Martin Armstrong: Cyprus Wasn't the First, Nor the Last; Says Gold May Hit $1150

Martin Armstrong is the founder of Princeton Economics and developer of the cycles-based Economic Confidence Model, which has been cited by numerous publications for pinpointing major turning points in the market.

In a recent conversation with Financial Sense Newshour, he explains how MF Global here in the U.S., not Cyprus, was the first example of confiscating funds to bailout creditors:

The next time the banks need money they’re not going to get it. What they’re going to do is allow them to take the money from the depositors. Now this—Cyprus—wasn’t the first. The first was actually MF Global. The law is that your money deposited at a brokerage house is supposed to be segregated from the house. If the house loses money, your money is not supposed to legally be taken, under CFTC regs, to satisfy the creditors of the brokerage house. What happened to that? They just stole everybody’s money… So, MF Global was actually your first Cyprus. That was the first test. Let’s just take the money of the depositors. They got away with it there. Cyprus—they’ve gotten away with it there, and next, when this economy begins to turn down in 2016, that’s what you’re going to see.

On whether this is part of a big plan or conspiracy he says:

There’s no long-term planning. I know a lot of people like conspiracy theories and say, you know, it’s the Rothschilds and all that. Nobody’s planning this. It’s much worse. It’s completely ad hoc. They’re going by the seat of their pants.

On why quantitative easing hasn’t worked to stimulate the American economy or create U.S. jobs:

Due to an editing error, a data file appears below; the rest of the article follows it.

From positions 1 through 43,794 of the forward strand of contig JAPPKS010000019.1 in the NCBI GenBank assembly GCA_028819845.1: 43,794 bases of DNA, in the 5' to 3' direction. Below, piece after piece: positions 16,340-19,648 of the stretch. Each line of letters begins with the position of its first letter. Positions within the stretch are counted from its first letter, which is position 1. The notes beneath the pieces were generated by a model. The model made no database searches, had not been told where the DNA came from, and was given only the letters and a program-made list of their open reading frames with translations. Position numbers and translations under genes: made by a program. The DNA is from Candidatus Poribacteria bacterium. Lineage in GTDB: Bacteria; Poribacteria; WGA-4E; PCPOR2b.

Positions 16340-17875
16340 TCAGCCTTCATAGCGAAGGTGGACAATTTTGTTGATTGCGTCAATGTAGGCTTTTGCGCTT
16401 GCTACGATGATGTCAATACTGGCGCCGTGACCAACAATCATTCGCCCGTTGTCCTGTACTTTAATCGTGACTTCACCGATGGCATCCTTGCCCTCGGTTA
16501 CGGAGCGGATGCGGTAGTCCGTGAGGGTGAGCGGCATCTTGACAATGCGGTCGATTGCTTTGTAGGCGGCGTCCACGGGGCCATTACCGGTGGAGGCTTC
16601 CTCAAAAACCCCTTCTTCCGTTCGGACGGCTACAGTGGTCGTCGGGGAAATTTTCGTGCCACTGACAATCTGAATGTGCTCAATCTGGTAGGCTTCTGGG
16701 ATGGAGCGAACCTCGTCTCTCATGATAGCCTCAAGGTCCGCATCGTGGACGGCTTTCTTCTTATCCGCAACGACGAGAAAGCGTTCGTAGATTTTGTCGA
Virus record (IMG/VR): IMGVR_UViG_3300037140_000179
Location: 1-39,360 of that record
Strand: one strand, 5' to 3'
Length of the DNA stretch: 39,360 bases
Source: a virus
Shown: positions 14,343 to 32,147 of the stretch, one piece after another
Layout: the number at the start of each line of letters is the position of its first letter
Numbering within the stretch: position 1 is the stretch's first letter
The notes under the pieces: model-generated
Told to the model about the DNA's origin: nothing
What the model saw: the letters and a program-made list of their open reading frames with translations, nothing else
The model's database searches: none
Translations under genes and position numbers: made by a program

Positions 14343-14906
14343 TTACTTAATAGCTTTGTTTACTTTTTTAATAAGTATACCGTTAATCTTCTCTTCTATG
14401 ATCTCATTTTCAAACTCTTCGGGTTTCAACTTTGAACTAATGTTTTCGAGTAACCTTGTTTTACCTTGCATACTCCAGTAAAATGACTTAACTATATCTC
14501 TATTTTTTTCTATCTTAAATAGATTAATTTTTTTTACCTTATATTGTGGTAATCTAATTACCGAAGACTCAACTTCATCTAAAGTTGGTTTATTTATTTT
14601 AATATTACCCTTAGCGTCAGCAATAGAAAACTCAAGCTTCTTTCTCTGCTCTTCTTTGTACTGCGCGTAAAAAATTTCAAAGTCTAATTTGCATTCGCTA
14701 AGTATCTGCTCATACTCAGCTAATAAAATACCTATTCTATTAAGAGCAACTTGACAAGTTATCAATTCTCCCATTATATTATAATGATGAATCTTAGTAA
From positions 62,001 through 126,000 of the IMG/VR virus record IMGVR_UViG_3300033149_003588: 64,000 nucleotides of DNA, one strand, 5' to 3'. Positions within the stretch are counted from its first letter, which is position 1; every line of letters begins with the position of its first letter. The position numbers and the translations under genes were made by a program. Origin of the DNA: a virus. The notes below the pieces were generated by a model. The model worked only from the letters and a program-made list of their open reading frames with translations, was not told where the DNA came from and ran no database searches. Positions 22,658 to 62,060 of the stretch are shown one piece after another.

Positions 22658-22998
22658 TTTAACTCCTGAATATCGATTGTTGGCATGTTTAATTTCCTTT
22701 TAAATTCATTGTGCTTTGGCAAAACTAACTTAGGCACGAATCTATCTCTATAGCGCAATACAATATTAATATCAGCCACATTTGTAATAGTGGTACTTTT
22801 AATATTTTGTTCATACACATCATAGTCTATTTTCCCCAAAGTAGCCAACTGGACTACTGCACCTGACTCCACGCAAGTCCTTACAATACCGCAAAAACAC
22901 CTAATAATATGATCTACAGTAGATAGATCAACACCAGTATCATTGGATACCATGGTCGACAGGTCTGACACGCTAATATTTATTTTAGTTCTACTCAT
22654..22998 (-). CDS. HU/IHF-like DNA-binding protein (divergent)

They’re working under theories that are 50 years old. They take it as if it’s official. Okay, fine, if I buy 30 year bonds, I’m therefore putting money into the system and it should be inflationary… Wasn’t inflationary! Why? Because the economy is porous. You’re assuming that you’re buying these 30 year bonds and an American is selling them to you. What happened? China said, ‘Gee, thank you very much.’ They sold all their long-term stuff and lowered their maturity on U.S. bond holdings to under 5 years. They said, ‘Thank you very much.’ So all the money went right out the back door; it didn’t stimulate anything! They did it again. I said, ‘Listen it’s not going to work.’ Finally QE3 comes: ‘Oh, okay, now we understand. We can’t actually guarantee that an American is going to get the money.’ You’re right! So, what do they do? They try mortgages, and what happens? All their doing is bailing out the banks!

On a downside target for gold:

It’s basically a short-term move. We’re probably going to see lower prices. You might get down to about $1150 or so. But this is a normal correction process. I mean we went up for 13 years! You have to at least pullback a little bit and...probably the biggest short position in history happens to be the dollar.

In the rest of this interview airing Friday, Martin discusses the government’s move toward pension plans, why a gold standard will never be implemented, along with many other forecasts.

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